I was a nominee in the category of play writing at last night’s award ceremony, and I would like to share my experience of the event. I arrived with my mom, dad and brother an hour and a half early, only to learn that there was no record of my reservations. I was told that I and my family, who had traveled from Central California to attend, would be put on a waiting list and that I would be allowed inside the theater when my category was announced. We tried to stay patient and have a sense of humor about the esoteric fashion show in the lobby, and to tune out the nauseating, evil rumble of ambient noise, but it was hard.

When most of the crowd had finally taken their seats inside, we found a small table in the lobby at which to rest, drink sodas and watch the video display (which was virtually invisible). My category was something like 36th on the list, so I was preparing myself for a long wait. Still, looking on the bright side, I saw this as a chance to really search my heart for who I would thank if I were to win and to visit with my family. Even this was impossible, however, because, before â we could even finish our drinks, our chairs were whisked away by order of the fire marshal.

At that point, we left. When I got home, I left a message on some friends’ answering machine asking them to call and tell me who had won, and to thank them for coming to support me. Today I got the message that they, too, didn’t know who had won. They too had left early, embarrassed and pissed off — and they even had seats!

Which left me wondering what was being honored last night. If it was theater, no wonder nobody goes. And if it was your paper, why was I invited?

—Cody Henderson
North Hollywood

 

STEVEN LEIGH MORRIS REPLIES: The Midnight Sun debacle is attributable to a last-minute communications breakdown, a circumstance which we regret and are taking steps to avoid in the future. As for Cody Henderson’s situation, 90 percent of awards-ceremony attendees consist of nominees and their guests. The extent of the interest in this year’s ceremony took us all by surprise, although I did contact Henderson — and explain the nature of the seating situation to him — well before he arrived with his family. Still, it was never our intention to disgruntle such an excellent playwright. For next year’s awards, we are looking for ways to better accommodate our nominees.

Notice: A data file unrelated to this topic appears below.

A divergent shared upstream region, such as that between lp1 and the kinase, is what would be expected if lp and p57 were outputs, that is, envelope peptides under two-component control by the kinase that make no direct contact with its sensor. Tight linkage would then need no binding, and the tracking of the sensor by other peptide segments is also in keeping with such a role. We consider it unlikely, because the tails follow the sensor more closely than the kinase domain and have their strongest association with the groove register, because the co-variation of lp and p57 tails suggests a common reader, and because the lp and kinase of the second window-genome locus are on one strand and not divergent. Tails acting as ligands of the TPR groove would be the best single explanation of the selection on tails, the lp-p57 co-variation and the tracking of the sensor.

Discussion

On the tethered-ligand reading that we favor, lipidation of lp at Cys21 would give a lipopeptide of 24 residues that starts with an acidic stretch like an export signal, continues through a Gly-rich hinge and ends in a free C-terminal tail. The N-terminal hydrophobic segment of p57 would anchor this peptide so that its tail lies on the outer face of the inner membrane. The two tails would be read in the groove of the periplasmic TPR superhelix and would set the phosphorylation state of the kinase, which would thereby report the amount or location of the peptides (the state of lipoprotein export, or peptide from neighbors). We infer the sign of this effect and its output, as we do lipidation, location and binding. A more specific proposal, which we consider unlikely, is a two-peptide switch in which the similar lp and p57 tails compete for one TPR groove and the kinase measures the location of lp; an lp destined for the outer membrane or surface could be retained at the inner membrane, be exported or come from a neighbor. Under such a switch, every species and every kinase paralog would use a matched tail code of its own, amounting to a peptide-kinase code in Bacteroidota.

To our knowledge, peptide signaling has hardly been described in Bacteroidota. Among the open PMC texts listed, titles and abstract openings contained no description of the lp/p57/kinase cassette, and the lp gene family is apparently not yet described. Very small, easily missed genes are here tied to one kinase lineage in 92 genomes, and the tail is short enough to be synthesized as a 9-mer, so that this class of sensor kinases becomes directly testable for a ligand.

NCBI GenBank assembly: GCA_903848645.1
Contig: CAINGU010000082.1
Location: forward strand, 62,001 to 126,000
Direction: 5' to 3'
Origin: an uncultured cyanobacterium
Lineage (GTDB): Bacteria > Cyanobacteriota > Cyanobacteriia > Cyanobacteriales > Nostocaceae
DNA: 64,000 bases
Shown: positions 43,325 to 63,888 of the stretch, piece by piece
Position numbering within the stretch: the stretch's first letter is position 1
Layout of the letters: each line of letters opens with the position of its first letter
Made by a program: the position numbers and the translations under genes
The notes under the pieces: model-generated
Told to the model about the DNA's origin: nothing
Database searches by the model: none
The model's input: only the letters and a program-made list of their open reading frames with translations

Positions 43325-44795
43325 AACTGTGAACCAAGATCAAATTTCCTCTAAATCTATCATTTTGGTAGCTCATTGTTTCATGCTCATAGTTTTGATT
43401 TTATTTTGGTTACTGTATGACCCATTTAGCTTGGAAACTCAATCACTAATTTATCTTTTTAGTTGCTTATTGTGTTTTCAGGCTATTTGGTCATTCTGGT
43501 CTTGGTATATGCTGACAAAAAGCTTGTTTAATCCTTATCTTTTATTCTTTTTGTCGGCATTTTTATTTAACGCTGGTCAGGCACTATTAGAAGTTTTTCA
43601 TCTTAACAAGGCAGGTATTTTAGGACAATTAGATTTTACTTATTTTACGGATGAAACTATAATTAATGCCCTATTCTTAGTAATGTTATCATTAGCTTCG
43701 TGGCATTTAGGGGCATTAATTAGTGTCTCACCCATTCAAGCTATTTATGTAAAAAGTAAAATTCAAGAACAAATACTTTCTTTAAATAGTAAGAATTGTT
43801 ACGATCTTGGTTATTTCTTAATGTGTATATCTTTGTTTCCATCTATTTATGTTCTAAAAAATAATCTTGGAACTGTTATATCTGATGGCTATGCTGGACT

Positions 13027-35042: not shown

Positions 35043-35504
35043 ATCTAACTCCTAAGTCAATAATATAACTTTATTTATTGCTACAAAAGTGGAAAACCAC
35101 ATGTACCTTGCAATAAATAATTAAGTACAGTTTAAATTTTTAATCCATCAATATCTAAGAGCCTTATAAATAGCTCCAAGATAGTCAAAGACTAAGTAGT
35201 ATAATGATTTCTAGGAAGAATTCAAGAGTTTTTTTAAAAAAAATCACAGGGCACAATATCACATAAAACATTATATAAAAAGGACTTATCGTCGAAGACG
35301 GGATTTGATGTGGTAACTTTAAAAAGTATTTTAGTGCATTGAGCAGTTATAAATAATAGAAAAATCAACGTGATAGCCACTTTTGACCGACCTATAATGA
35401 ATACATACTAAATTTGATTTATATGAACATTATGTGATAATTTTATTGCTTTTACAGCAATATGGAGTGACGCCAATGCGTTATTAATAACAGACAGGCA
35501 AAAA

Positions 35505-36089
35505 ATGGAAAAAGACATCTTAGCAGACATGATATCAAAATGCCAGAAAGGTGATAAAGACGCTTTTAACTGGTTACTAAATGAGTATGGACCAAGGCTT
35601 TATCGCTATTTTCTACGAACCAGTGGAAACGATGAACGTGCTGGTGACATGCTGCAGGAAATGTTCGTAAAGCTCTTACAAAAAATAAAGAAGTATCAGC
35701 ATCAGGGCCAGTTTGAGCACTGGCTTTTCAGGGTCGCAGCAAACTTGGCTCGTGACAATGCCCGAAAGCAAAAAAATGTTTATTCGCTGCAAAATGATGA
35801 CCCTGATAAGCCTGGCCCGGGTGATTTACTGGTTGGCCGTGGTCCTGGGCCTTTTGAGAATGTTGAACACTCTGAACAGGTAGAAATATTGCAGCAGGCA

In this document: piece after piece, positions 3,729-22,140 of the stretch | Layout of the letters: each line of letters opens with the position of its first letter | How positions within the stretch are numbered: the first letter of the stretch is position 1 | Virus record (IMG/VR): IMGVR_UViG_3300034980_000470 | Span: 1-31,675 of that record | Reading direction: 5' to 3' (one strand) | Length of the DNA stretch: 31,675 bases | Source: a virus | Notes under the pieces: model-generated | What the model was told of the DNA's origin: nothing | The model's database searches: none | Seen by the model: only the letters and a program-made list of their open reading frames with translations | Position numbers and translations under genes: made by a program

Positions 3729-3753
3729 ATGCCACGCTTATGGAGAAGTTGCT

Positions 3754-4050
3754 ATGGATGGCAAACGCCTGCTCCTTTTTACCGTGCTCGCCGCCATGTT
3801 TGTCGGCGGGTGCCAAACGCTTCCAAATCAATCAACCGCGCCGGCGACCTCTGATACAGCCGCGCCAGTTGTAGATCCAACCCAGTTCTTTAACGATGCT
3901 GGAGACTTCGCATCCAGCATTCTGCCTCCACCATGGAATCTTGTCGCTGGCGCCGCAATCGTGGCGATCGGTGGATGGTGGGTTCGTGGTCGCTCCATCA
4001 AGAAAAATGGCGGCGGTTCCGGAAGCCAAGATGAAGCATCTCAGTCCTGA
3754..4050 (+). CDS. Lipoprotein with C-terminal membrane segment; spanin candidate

THE KEY TO RAPID WEIGHT GAIN

DEAR EDITOR:

Apropos of John Price’s letter in the May 4–10 Weekly: When I read Judith Lewis’ 28-pounds statistic [“Auto Immune,” April 20–26], I figured it had to be wrong for the same reason. But then when I thought about the chemical reaction, which must be something like 2C8H18+25O2 produces 18H2O+16CO2, where two octane molecules combine with 25 oxygen molecules to produce 18 water molecules and 16 carbon-dioxide molecules, the statistic made sense.

Eight pounds of octane is about 32 moles of octane; 32 moles of octane produce 256 moles of carbon dioxide (note the ratio of the coefficients of octane and CO2 is 1:8); 256 moles of carbon dioxide weighs about 11 kg or 25 pounds.

While it’s true that you can’t turn 8 pounds of gas into more than 8 pounds of anything, the writer forgot about the oxygen from the air which combines with the gas and results in the added weight.

—Jeff Bernstein
Venice

 

HEAD TO THE ASPHALT

DEAR EDITOR:

You should give Oliver Wang a raise for his exclusive on the death of rapper Fat Joe in his review of Run-DMC’s Crown Royal [Music Reviews, April 13–19]. I’m glad you have a hepcat like Oliver keeping his ear to the streets and keeping hip-hoppers in the know.

—Sir Kobe Bronson
Watts